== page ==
Winston sighed inaudibly. He picked up his pen again and wrote:

She threw herself down on the bed, and at once, without any kind of preliminary in the most coarse, horrible way you can imagine, pulled up her skirt. I --

He saw himself standing there in the dim lamplight, with the smell of bugs and cheap scent in his nostrils, and in his heart a feeling of defeat and resentment which even at that moment was mixed up with the thought of Katharine's white body, frozen for ever by the hypnotic power of the Party. Why did it always have to be like this? Why could he not have a woman of his own instead of these filthy scuffles at intervals of years? But a real love affair was an almost unthinkable event. The women of the Party were all alike. Chastity was as deep ingrained in them as Party loyalty. By careful early conditioning, by games and cold water, by the rubbish that was dinned into them at school and in the Spies and the Youth League, by lectures, parades, songs, slogans, and martial music, the natural feeling had been driven out of them. His reason told him that there must be exceptions, but his heart did not believe it. They were all impregnable, as the Party intended that they should be. And what he wanted, more even than to be loved, was to break down that wall of virtue, even if it were only once in his whole life. The sexual act, successfully performed, was rebellion. Desire was thoughtcrime. Even to have awakened Katharine, if he could have achieved it, would have been like a seduction, although she was his wife.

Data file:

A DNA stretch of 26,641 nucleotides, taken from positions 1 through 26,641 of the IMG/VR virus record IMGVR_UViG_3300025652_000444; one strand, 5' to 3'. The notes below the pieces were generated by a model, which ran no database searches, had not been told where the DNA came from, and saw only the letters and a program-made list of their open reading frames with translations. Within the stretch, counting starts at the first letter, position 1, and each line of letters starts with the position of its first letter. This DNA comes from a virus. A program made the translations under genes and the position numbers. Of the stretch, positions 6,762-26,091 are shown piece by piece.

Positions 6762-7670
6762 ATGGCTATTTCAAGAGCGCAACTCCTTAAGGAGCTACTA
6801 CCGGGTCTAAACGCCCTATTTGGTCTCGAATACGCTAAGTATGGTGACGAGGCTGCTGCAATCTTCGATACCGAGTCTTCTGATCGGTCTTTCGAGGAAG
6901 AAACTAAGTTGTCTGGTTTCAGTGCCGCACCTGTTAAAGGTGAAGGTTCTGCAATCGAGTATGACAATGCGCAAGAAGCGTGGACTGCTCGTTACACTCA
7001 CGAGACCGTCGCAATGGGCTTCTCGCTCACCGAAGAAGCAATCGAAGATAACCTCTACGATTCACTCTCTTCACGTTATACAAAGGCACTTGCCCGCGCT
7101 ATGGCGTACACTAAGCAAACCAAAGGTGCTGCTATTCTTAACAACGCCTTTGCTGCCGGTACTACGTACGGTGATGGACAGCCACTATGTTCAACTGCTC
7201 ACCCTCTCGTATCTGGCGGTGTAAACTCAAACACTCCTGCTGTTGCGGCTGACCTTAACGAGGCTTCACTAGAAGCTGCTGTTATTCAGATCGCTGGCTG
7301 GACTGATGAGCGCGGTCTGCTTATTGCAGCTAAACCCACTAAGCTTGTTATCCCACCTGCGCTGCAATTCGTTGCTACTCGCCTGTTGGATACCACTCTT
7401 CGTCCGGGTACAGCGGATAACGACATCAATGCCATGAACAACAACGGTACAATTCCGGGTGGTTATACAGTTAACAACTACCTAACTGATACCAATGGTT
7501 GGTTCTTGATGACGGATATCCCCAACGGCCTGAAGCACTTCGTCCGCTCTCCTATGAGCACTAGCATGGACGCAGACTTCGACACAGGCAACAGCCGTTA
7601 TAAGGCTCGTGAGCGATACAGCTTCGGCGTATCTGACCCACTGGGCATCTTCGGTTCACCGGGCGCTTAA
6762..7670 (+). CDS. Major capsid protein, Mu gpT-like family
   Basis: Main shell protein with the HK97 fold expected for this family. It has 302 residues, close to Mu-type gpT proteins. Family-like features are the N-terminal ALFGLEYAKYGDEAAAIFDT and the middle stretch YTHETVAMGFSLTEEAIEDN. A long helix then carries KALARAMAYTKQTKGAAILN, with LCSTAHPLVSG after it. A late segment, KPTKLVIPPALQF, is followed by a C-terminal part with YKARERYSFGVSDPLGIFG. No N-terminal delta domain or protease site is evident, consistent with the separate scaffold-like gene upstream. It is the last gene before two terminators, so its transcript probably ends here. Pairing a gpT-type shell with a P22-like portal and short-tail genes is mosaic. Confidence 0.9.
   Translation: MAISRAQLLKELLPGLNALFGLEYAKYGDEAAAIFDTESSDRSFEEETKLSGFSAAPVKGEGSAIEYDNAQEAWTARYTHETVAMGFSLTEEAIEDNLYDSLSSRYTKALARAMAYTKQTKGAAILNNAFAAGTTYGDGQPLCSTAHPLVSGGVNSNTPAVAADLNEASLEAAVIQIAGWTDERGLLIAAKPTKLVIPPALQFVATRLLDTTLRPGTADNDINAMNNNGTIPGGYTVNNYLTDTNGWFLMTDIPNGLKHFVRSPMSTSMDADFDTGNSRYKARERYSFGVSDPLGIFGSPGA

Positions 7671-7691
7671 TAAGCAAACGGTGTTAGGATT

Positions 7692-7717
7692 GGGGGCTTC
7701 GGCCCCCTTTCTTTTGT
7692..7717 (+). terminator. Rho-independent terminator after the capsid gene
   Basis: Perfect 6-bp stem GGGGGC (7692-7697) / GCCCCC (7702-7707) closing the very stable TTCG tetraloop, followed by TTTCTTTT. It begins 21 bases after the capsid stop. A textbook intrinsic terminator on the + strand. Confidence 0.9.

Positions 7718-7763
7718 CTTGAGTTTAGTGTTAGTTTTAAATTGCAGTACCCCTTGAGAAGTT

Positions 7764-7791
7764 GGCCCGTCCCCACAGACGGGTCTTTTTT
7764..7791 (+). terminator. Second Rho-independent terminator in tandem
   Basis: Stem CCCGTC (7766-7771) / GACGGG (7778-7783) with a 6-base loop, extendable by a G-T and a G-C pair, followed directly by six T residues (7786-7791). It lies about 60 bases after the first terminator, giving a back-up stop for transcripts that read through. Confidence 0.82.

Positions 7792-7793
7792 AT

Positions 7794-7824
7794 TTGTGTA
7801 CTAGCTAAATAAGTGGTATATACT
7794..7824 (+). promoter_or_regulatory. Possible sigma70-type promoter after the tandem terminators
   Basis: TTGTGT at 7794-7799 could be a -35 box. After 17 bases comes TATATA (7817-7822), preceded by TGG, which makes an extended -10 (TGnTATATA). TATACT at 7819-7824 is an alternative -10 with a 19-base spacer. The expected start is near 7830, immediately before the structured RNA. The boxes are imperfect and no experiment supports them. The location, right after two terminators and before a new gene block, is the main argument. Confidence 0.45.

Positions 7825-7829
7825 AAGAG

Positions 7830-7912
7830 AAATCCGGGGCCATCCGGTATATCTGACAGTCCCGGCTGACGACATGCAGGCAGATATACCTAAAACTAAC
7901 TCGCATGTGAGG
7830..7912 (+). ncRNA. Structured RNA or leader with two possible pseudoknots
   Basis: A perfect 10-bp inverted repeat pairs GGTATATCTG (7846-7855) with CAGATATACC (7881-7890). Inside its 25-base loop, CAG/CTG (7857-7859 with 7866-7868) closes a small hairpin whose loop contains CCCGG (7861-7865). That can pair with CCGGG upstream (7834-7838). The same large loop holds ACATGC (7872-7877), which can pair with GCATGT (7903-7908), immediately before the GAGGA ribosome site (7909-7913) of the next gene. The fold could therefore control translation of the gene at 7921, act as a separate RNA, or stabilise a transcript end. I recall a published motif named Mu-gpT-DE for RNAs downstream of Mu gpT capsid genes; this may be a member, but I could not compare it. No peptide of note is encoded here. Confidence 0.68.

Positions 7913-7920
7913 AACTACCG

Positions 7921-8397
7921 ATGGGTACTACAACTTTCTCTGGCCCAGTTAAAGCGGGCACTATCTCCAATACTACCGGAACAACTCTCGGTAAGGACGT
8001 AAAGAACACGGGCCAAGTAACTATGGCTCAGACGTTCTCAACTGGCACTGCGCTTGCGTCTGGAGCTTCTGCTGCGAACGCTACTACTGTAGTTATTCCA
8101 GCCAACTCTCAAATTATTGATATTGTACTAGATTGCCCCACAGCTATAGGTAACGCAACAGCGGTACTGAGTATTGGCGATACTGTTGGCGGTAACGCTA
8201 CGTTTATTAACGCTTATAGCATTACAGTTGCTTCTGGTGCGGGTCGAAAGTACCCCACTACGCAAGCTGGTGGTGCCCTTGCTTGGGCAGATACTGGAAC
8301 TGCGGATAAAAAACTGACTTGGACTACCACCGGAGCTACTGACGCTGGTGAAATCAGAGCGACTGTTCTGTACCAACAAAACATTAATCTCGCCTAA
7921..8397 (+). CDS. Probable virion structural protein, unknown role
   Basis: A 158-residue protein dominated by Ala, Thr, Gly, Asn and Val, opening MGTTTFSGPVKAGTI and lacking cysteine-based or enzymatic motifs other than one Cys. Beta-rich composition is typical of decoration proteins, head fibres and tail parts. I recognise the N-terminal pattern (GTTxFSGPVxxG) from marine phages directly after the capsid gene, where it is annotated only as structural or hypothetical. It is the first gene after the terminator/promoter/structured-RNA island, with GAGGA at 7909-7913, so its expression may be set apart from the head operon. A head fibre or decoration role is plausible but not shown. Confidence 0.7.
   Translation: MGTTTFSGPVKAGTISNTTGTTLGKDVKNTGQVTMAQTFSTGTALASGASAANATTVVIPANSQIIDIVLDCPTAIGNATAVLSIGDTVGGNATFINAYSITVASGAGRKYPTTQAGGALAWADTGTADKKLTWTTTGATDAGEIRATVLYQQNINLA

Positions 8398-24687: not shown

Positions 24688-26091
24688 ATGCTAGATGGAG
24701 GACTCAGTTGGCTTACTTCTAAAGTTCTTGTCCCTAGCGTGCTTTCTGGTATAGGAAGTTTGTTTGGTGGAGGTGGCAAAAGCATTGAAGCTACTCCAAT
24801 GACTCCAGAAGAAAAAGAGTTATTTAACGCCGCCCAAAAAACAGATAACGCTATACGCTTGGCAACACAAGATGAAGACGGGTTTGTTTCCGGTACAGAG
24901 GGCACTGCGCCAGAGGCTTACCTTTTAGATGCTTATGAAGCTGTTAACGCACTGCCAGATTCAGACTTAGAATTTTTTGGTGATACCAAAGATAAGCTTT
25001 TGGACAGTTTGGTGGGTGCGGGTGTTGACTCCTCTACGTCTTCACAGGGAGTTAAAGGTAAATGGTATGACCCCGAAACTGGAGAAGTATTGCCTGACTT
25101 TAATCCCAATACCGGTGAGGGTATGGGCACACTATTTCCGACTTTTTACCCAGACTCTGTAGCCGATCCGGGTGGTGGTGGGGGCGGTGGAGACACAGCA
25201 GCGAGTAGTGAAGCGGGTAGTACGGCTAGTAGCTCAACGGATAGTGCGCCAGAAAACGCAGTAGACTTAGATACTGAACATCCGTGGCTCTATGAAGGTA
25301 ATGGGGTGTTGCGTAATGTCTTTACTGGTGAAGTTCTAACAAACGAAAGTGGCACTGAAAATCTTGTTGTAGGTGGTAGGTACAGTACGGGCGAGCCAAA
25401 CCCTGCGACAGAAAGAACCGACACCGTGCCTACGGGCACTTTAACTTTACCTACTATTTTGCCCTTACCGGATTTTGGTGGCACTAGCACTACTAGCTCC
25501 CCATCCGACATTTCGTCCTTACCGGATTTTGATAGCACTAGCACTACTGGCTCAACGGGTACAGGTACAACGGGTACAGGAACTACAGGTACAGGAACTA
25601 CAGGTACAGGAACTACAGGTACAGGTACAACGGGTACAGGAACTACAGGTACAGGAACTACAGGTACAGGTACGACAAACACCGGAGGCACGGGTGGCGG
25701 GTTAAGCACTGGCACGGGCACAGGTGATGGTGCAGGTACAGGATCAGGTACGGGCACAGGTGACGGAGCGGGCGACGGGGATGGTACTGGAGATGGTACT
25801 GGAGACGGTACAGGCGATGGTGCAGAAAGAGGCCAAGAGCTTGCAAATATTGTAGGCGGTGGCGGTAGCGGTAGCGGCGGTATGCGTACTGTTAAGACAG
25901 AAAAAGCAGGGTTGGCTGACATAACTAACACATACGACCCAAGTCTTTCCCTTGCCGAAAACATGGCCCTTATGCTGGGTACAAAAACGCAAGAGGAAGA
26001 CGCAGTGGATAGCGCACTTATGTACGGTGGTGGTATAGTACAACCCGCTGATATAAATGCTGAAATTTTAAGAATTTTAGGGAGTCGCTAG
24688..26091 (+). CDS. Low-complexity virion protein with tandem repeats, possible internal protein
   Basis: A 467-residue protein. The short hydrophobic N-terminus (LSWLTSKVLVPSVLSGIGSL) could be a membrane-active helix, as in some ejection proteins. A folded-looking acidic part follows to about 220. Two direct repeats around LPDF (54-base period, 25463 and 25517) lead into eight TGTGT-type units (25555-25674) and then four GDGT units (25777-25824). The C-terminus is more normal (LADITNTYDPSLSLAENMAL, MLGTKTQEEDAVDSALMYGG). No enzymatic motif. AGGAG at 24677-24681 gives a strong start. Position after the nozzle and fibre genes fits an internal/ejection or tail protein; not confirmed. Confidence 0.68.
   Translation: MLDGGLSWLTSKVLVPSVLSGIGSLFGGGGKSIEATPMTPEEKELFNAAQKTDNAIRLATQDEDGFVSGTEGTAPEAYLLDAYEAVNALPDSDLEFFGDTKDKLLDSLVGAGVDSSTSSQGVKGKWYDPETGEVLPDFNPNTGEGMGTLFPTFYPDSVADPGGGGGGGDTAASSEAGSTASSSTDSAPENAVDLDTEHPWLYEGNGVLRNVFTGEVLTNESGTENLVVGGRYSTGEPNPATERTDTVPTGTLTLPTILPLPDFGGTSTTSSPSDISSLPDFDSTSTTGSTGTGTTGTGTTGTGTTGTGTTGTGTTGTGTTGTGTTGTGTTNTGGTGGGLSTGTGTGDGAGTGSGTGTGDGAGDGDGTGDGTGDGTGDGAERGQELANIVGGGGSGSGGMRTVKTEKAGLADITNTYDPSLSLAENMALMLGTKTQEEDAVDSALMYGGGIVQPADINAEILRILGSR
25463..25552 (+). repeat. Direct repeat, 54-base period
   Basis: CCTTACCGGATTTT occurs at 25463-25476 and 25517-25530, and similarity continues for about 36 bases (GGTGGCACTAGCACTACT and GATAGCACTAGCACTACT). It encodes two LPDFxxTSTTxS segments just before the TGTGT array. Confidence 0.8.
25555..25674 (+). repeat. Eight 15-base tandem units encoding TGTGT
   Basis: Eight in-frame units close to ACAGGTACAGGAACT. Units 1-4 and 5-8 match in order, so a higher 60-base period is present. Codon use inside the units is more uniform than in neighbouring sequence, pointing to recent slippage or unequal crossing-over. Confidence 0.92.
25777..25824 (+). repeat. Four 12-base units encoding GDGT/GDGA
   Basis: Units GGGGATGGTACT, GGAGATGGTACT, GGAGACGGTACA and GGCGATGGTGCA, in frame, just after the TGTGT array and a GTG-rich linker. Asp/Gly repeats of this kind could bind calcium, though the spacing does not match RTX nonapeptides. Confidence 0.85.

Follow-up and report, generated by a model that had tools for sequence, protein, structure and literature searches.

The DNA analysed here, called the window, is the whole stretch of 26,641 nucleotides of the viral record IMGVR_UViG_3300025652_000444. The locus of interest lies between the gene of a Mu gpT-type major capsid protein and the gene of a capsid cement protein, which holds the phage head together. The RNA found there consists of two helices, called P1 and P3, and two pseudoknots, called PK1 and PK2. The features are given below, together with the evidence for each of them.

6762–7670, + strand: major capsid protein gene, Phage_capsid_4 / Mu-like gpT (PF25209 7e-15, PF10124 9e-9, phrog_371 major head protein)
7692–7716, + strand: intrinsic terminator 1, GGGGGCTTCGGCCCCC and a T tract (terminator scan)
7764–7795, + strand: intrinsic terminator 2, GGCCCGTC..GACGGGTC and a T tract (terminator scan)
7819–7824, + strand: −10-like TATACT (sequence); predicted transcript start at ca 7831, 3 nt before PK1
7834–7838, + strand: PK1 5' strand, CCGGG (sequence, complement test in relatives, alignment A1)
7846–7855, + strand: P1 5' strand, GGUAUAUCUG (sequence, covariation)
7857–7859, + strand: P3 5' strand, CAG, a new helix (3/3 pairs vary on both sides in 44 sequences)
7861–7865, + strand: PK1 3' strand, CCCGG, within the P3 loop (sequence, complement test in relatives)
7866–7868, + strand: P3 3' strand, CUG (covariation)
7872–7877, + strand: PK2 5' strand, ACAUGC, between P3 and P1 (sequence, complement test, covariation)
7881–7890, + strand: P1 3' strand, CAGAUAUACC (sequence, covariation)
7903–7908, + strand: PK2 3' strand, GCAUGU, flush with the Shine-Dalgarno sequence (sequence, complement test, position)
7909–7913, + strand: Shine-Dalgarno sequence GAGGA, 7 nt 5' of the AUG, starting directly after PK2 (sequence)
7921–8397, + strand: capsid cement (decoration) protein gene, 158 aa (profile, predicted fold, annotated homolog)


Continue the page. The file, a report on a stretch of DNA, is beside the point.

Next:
But the rest of the story had got to be written down. He wrote:

I turned up the lamp. When I saw her in the light --

After the darkness the feeble light of the paraffin lamp had seemed very bright. For the first time he could see the woman properly. He had taken a step towards her and then halted, full of lust and terror. He was painfully conscious of the risk he had taken in coming here. It was perfectly possible that the patrols would catch him on the way out: for that matter they might be waiting outside the door at this moment. If he went away without even doing what he had come here to do -!

It had got to be written down, it had got to be confessed. What he had suddenly seen in the lamplight was that the woman was old. The paint was plastered so thick on her face that it looked as though it might crack like a cardboard mask. There were streaks of white in her hair; but the truly dreadful detail was that her mouth had fallen a little open, revealing nothing except a cavernous blackness. She had no teeth at all.

He wrote hurriedly, in scrabbling handwriting:

When I saw her in the light she was quite an old woman, fifty years old at least. But I went ahead and did it just the same.

He pressed his fingers against his eyelids again. He had written it down at last, but it made no difference. The therapy had not worked. The urge to shout filthy words at the top of his voice was as strong as ever.

温斯顿在他的日记中写道:

那是在三年前的一个昏暗的晚上。在一个大火车站附近的一条狭窄的横街上,她站在一盏暗淡无光的街灯下面,靠墙倚门而立。她的脸很年轻,粉抹得很厚。吸引我的其实是那抹的粉,那么白,象个面具,还有那鲜红的嘴唇。党内女人是从来不涂脂抹粉的。街上没有旁人,也没有电幕。她说两块钱。我就——

他一时觉得很难继续写下去,就闭上了眼睛,用手指按着眼皮,想把那不断重现的景象挤掉。他忍不住想拉开嗓门,大声呼喊,口出脏言,或者用脑袋撞墙,把桌子踢翻,把墨水瓶向玻璃窗扔过去,总而言之,不论什么大吵大闹或者能够使自己感到疼痛的事情,只要能够使他忘却那不断折磨他的记忆,他都想做。

他心里想,你最大的敌人是你自已的神经系统。你内心的紧张随时随地都可能由一个明显的症状泄露出来。他想起几个星期以前在街上碰到一个人,一个外表很平常的人,一个党员,年约三、四十岁,身材瘦高,提着公事皮包。向人相距只有几米远的时候,那个人的左边脸上忽然抽搐了一下。两人擦身而过的时候,他又有这样一个小动作,只不过抽了一下,颤了一下,象照相机快门咔嚓一样的快,但很明显地可以看出这是习惯性的。他记得当时自己就想:这个可怜的家伙完了。可怕的是,这个动作很可能是不自觉的。最致命的危险是说梦话。就他所知,对此无法预防。

他吸了一口气,又继续写下去: